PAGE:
But by and large if you are hunting for arm bars or clothing strangles while on your back, or taking the back, getting hooks in, and going for a rear naked choke, you are playing jujitsu versus fighting with jujitsu.
Not all that fun to watch from a competitive standpoint. Submission-only jujitsu showcases one thing well – skill at submissions, which is important for the art and sport of jujitsu, but less so for a comprehensive approach to combatives.
An important concept in competitive grappling, the idea of Positional Dominance, has been adopted into the tactical lexicon by some instructors. Unfortunately this glosses important differences between what are advisable positions in a tactical or defensive situation and what works under academy or competitive conditions.
To differentiate I prefer the term Position of Advantage…I’ll call it P of A.
P of A, as I see it, includes commonly accepted Dominant Positions, yet excludes others. Not all dominant positions are positions of advantage, and not all positions of advantage are dominant positions. In some cases the crossover is direct. In others, more tactically advisable positions are not the same as those predicated on a “finish” in competition. In these latter cases, P of A may not be equated with Positional Dominance.
Position of Advantage is found in retaining initiative and mobility, that is, the ability to maneuver free of the opponent.
Positional advantage therefore is often transient and rapidly changing, and rather than tying up and vying for superiority based on a submission – P of A may simply be frustrating an adversary’s efforts by refusing to engage in a standard way, which he is unable to control.
Take for example, the clinch in boxing. Clinching is known as a tool to limit the damage a superior boxer can do, and limit their ability to move and strike freely. It is regulated in boxing and fighters are separated when it happens.
Similarly, in grappling, continuously refusing to grip and preventing an opponent from coming to grips, or, in ground fighting continuously disengaging and backing away to make the other fighter stand up, or holding a position and “doing nothing,” is regulated.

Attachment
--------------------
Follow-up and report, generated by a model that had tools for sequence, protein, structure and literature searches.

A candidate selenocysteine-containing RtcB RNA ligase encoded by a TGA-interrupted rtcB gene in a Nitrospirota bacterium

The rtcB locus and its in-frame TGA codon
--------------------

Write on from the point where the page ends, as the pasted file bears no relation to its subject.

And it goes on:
Similarly, it is not customary to train boxing specializing in clinching to avoid ….boxing. Or in grappling to avoid actually coming to grips and thus…grappling. It’s considered “stalling,” and worse. This “negative ” approach would likely considered unsportsman-like in a boxing gym, judo dojo or jujitsu academy. It is regulated by the rules and frowned up because it prevents skilled people from actually using their skills.
Turn that on it’s head, and think of it from a defensive perspective. Things that make you go hmmmm…..
*There is a notion that rules somehow don’t matter, or are inconsequential, when it comes to pass that there are no rules, and that someone that cannot be beaten under a set of rules is therefore not able to be defeated under others, or when there are no rules.
Think about that for a minute.
Modern jujitsu’s history provides the best example of this not being the case with the torturous demands over rules in challenge matches in the early days – when it was then simply an offshoot of Kodokan Judo. Robert Drysdale addressed this in a recent article that I blogged about here.